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Permanent link (DOI): https://doi.org/10.7939/R3CF9JJ2X

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Towards Prosthetic Arms as Wearable Intelligent Robots Open Access

Descriptions

Other title
Subject/Keyword
electromyography
artificial intelligence
prediction
reinforcement learning
intelligent agents
collaborative control
robotics
prosthetics
general value functions
myoelectric control
Type of item
Thesis
Degree grantor
University of Alberta
Author or creator
Sherstan, Craig
Supervisor and department
Sutton, Richard S. (Computing Science)
Pilarski, Patrick M. (Medicine)
Examining committee member and department
Pilarski, Patrick M. (Medicine)
Jones, Kelvin (Physical Education and Recreation)
Sutton, Richard S. (Computing Science)
Department
Department of Computing Science
Specialization

Date accepted
2015-09-14T15:42:57Z
Graduation date
2015-11
Degree
Master of Science
Degree level
Master's
Abstract
The control of powered prosthetic arms has been researched for over 50 years, yet prosthetic control remains an open problem, not just from a research perspective, but from a clinical perspective as well. Significant advances have been made in the manufacture of highly functional prosthetic limbs, yet the control of such limbs remains largely impractical. The core issue is that there is a significant mismatch between the number of functions available in modern powered prosthetic arms and the number of functions an amputee can actively attend to at any given moment. One approach to addressing this mismatch is the idea of treating the arm as an intelligent, goal-seeking agent - such an agent can learn from its experience and adapt its actions to improve its ability to accomplish a goal. It is hypothesized that such intelligent agents will be able to compensate for the existing limitations in the communication bandwidth between a powered prosthetic arm and an amputee. The work of this thesis looks at several steps towards building such agency into a prosthetic arm, including pattern recognition methods, compound predictions, and collaborative control between the arm and the user. Essentially, this body of work looks at ways of understanding the user's desires, as measured in various ways, such as desired movements, or expected future joint angles, and controlling the arm so as to achieve those desires. The first contribution of this thesis is the identification of a scenario under which current pattern recognition approaches to prosthetic control do not generalize well. The second contribution is the demonstration that it is possible to layer predictors, known as general value functions, and that such layering can improve feature representation and predictive power. Finally, this thesis demonstrates a method for improving the control of a prosthetic arm using a collaborative control method that learns predictions of user behavior which are then used to assist in controlling the arm. In the long term, the methods and philosophy to prosthetic control explored in this thesis may greatly improve an amputee's ability to control their prosthesis. Further, this approach may be extended to other domains of human-machine interaction where there is a mismatch between the number of functions in a system and the user's ability to attend to those functions, such as smart phones, computers and teleoperated robots.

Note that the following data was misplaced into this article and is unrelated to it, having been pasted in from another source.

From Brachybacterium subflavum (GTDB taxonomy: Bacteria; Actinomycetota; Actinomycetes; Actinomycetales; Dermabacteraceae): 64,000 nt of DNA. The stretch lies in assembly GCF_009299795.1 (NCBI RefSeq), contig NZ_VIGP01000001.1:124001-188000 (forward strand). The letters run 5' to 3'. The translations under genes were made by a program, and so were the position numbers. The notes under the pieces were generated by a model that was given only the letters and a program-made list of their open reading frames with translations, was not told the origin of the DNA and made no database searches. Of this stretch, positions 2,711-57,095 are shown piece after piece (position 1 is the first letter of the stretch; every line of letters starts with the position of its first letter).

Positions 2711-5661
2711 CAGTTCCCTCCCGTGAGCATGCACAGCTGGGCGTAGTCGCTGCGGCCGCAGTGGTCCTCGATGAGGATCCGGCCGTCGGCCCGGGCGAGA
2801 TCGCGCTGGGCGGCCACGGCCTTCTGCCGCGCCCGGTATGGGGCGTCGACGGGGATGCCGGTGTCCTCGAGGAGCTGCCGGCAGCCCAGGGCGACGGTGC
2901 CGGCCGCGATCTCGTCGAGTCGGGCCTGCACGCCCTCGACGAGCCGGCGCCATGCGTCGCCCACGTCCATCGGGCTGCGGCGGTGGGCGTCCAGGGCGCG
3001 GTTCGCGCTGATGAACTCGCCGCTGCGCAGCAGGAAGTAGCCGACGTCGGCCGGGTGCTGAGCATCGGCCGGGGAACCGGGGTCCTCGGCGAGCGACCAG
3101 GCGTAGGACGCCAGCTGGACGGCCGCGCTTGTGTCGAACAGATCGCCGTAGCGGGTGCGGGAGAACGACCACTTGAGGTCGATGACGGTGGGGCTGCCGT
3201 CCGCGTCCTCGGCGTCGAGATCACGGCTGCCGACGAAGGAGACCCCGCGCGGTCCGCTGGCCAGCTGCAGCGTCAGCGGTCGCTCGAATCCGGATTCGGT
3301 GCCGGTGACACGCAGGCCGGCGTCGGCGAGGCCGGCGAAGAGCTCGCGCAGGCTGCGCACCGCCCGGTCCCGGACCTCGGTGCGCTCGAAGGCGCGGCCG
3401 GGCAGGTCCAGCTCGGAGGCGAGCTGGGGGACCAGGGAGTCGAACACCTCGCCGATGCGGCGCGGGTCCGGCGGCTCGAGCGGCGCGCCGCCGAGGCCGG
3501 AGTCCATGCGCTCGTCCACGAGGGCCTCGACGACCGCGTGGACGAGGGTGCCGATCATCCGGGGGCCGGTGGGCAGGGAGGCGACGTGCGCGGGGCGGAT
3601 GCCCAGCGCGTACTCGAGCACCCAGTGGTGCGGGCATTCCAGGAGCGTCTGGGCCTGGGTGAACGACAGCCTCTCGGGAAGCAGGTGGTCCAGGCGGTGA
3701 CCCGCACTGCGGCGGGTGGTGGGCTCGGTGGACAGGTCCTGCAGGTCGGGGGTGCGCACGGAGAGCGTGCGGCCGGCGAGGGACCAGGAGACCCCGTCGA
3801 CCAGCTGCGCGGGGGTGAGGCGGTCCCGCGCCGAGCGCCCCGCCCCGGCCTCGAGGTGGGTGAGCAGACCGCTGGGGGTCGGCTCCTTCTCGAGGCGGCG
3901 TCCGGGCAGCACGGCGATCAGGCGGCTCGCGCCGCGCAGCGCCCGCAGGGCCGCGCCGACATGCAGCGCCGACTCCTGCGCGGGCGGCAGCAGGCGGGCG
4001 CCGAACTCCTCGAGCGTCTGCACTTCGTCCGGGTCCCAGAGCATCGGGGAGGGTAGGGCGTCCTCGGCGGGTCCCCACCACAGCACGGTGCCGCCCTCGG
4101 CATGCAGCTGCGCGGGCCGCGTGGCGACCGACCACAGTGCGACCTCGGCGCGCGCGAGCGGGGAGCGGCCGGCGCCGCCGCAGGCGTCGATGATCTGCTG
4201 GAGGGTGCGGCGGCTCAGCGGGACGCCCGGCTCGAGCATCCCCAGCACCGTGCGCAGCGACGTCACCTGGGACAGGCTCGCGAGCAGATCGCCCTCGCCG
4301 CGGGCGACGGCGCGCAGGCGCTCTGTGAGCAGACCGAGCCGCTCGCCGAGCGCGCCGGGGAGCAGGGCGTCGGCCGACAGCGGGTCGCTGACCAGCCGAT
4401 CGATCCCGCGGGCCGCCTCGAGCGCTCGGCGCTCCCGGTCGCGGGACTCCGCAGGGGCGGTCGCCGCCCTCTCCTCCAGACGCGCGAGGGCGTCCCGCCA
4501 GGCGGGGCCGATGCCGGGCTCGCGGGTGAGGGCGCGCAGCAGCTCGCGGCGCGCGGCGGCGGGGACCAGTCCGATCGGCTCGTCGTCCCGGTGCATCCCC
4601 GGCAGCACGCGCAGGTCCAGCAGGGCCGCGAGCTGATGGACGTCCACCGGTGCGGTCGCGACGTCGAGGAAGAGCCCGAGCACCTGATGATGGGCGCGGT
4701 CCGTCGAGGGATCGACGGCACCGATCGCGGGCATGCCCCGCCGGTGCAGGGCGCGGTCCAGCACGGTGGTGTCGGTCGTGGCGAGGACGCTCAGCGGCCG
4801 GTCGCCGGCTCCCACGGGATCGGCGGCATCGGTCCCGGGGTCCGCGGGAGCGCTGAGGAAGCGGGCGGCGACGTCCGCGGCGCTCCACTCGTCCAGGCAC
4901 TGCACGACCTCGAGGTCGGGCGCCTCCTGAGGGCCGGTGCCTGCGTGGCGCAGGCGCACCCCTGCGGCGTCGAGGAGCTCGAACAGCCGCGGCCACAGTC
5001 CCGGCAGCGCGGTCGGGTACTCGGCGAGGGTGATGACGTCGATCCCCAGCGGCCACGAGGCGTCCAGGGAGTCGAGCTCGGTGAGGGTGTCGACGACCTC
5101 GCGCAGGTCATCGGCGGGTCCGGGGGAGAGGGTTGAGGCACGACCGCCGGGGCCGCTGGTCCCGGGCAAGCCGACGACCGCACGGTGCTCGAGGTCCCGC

Language
English
DOI
doi:10.7939/R3CF9JJ2X
Rights
Permission is hereby granted to the University of Alberta Libraries to reproduce single copies of this thesis and to lend or sell such copies for private, scholarly or scientific research purposes only. The author reserves all other publication and other rights in association with the copyright in the thesis and, except as herein before provided, neither the thesis nor any substantial portion thereof may be printed or otherwise reproduced in any material form whatsoever without the author's prior written permission.
Citation for previous publication
Sherstan, C., Pilarski, P. M., “Multilayer General Value Functions for Robotic Prediction and Control”, IROS 2014 Workshop on AI and Robotics, IEEE/RSJ International Conference on Intelligent Robots and Systems, Chicago, Illinois, September 14-18, 2014Sherstan, C., Modayil, J., and Pilarski, P. M., “A Collaborative Approach to Effecting Simultaneous Multi-joint Control of a Prosthetic Arm”, International Conference on Rehabilitation Robotics (ICORR), Singapore, August 11-14, 2015

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File title: Towards Prosthetic Arms as Wearable Intelligent Robots
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